For a long period of time, people have always preferred studying late instead of heading to bed the night before an exam. It is also a common portrayal in movies or on popular television shows. In addition, some may even wake up early to revise everything all over again.
In some cultures across the globe, this is encouraged by pedagogues and parents alike. However, such practice may also come with harmful effects such as missing out on sleep. Is getting enough sleep as important as all other healthy habits? Yes!
According to previous research on the significance of sleep, it is needed for proper healing of the body as well as many of the other functions. A disturbed sleeping pattern may not only make you cranky and lazy but may also contribute to the deterioration of health in the future.
In fact, getting enough sleep has more benefits than you think. For example, a new study indicates that getting enough sleep may also help you in your learning! Early on, it was only known that sleeping can help consolidate the information acquired while a person is awake.
A new study conducted by researchers at the University of Bern in Switzerland highlights that humans also have the ability to learn new information during slow-wave or what is also known as deep sleep. The findings of the research are published in the journal Current Biology.
Read the research here.
What Does the Research Show?
Previously, most of the research on sleeping and learning was only on how getting enough of sleep can help in remembering the information better. In the recent study, the researchers were mainly concerned with answering a common question – If sleep can help consolidate the acquired information, why cannot a person learn and form a memory while sleeping?
For the purpose of studying the activity of brain waves, the team used electroencephalograms (EEGs)on forty-one healthy females and males. This was done while the participants were asleep as well as when they were given a memory test.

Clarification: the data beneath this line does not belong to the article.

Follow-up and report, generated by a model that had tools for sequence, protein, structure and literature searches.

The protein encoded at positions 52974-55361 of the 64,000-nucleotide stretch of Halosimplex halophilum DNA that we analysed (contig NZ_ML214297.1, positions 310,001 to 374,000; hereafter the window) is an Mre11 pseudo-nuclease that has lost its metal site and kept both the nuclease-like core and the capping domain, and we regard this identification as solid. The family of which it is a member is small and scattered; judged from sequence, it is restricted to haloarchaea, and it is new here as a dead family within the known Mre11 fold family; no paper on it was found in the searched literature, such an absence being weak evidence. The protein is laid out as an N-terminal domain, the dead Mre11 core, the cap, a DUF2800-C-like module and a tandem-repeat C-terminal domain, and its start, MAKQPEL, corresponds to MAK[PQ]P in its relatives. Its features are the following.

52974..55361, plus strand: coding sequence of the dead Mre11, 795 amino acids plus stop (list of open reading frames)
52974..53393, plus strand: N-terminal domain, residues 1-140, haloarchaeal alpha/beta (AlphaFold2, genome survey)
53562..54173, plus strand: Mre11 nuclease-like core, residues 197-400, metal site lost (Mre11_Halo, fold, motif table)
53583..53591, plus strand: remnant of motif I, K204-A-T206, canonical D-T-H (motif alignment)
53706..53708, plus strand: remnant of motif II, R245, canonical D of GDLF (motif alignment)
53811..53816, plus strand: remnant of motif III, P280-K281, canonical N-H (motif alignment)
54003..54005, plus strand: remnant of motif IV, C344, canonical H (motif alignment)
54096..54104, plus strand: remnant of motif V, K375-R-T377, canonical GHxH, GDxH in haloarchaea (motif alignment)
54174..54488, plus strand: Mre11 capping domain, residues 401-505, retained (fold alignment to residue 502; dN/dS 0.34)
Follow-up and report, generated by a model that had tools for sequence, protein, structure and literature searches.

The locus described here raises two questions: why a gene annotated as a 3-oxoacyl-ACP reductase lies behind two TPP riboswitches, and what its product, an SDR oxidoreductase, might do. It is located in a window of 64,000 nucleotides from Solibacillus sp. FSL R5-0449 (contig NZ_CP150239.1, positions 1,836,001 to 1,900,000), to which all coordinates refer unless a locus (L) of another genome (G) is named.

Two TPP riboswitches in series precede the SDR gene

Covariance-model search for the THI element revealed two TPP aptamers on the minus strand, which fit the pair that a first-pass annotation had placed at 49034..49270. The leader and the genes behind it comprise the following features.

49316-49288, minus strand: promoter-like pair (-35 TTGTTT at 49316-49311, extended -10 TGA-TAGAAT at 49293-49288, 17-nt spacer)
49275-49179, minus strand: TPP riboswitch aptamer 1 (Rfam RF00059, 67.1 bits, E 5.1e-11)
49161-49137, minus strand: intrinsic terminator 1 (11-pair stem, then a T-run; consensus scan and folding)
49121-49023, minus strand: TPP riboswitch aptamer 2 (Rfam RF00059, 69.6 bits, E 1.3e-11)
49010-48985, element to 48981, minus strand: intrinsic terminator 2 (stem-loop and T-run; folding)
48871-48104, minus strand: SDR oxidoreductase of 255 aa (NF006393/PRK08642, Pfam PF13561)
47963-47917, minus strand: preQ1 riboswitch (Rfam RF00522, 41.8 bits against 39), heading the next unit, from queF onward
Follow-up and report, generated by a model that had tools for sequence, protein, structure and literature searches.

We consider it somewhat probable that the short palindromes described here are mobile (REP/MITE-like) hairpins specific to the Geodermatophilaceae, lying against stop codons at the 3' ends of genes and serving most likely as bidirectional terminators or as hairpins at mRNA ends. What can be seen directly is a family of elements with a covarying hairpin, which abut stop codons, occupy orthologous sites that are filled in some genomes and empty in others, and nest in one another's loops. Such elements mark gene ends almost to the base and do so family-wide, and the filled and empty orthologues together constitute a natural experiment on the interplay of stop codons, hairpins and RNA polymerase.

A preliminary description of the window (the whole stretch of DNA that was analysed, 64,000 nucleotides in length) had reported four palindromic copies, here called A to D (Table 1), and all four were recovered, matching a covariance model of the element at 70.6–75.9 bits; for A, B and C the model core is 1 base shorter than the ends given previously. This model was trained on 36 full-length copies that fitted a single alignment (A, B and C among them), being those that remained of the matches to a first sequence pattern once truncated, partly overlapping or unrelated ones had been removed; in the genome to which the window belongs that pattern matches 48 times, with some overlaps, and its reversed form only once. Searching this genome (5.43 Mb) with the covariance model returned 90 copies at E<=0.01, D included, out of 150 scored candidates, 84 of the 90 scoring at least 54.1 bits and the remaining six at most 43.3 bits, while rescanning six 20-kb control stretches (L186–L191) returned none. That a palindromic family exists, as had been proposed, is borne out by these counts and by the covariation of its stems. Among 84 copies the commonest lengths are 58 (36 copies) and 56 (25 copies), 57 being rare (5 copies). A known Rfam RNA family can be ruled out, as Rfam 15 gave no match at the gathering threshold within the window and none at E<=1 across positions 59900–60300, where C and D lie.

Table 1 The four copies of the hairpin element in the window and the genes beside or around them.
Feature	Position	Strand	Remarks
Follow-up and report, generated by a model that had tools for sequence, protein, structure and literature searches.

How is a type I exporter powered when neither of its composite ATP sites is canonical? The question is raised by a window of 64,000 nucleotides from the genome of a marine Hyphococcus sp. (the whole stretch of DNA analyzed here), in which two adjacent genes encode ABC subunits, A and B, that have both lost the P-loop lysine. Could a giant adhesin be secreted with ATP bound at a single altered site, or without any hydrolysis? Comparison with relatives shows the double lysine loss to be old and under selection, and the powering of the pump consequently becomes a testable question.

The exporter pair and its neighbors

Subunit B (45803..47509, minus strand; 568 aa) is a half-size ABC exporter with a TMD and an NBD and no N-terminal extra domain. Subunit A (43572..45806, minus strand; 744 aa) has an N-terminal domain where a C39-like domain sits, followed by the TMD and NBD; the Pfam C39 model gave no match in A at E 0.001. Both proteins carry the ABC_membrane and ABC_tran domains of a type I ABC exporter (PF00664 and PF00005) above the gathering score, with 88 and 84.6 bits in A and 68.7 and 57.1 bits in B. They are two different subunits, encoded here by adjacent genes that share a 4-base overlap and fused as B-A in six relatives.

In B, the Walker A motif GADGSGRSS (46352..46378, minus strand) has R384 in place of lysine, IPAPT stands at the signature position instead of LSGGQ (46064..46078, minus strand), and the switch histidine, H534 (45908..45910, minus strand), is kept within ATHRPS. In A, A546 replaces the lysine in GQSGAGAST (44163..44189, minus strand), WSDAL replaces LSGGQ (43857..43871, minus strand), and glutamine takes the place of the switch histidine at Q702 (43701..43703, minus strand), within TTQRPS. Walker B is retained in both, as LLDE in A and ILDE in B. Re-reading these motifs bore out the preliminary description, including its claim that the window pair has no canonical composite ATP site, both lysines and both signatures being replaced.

During their nap times, the participants were also asked to wear headphones which played recordings of things like verbal word pairs. Each of these pairs was made up of a common word and a made-up, nonexistent word.
For example, the researchers paired the word ‘house’ with a made-up word ‘tofer’. After the nap times were over, each participant had to solve a test based on their ‘sleep-formed’ memory.
In the test, there were different samples of made-up words. The participants had to tell whether the object associated with each of such words would fit inside a shoe word or not.
After the tests, it was noted that the acoustic presentation of the second word of a pair during sleep repeatedly hit an ongoing slow-wave peak lead to the better pairing of made-up words by the participants.
What Were the Results?
Earlier research on sleeping and learning showed that deep sleep or slow wave sleep plays a big role in the consolidation of information and memories. In this study, it was equally important. The researchers found that the participants could figure out the connection between made-up words and actual words under two conditions.
The participants were able to classify if there was the constant repetition of the word pair or the acoustic presentation of the second word had to coincide with an active phase of slow-wave sleep.
So far, this is an interesting and new finding. Further research in the matter may even lead to proper methods to learn more during sleep time in the future.